Jean Twenge, a psychology professor at San Diego State University, and her colleagues analyzed more than a million books on Google's Ngram Viewer for the use of gendered pronouns published between 1900 and 2008.
For every "she" found in this sample between 1900 and 1945, there were about 3.5 "hes." The gap then grew during the post-World War II era, increasing to a male-to-female ratio of about 4.5 to 1. But the use of female pronouns in books began rising in the late 1960s. By the mid-1970s, the male-to-female ratio of pronouns in American books dropped to 3 to 1. And by the 2000s, it was 2 to 1. The researchers believe these changes occurred in step with rapid advances in gender equality — evident in other factors such as more education and more participation in the labor force — starting in the late 1960s.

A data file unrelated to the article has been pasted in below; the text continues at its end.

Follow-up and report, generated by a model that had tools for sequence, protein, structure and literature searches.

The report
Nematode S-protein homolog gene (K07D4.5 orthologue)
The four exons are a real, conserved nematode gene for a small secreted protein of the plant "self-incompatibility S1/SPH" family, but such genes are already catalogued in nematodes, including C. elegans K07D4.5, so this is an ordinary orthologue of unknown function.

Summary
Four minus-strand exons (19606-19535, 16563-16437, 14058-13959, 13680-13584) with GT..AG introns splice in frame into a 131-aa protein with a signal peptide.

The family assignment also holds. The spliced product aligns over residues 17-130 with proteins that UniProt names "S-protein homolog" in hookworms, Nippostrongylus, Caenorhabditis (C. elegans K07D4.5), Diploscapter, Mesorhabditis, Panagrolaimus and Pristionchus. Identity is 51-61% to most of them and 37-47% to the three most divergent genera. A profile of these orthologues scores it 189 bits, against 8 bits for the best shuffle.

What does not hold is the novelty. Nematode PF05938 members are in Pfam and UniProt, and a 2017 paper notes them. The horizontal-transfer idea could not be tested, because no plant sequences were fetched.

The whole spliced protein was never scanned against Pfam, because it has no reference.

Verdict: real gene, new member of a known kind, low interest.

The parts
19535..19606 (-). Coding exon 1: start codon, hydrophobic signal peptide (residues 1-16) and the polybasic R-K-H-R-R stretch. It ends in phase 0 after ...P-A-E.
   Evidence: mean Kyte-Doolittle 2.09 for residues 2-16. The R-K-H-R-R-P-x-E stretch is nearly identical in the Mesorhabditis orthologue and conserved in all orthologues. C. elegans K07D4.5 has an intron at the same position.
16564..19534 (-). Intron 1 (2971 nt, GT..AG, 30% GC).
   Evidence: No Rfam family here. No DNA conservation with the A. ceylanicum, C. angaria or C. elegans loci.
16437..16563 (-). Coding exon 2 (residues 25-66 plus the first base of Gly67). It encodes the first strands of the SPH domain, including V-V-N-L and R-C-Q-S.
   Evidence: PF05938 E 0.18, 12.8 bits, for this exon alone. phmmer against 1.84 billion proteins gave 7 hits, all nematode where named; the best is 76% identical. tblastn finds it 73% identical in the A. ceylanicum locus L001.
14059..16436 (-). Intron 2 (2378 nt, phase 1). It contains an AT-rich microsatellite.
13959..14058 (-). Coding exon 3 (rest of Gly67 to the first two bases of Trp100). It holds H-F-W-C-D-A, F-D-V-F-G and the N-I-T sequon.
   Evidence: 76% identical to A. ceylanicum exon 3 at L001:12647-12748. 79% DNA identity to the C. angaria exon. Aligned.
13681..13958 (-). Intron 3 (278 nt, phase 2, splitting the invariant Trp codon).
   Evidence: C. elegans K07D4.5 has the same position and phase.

"These trends in language quantify one of the largest, and most rapid, cultural changes ever observed: The incredible increase in women's status since the late 1960s in the U.S.," Twenge said in a statement from Springer, which published the research in its journal Sex Roles."Gender equality is the clear upside of the cultural movement toward individualism in the U.S., and books reflect this movement toward equality. That's exciting because it shows how we can document social change."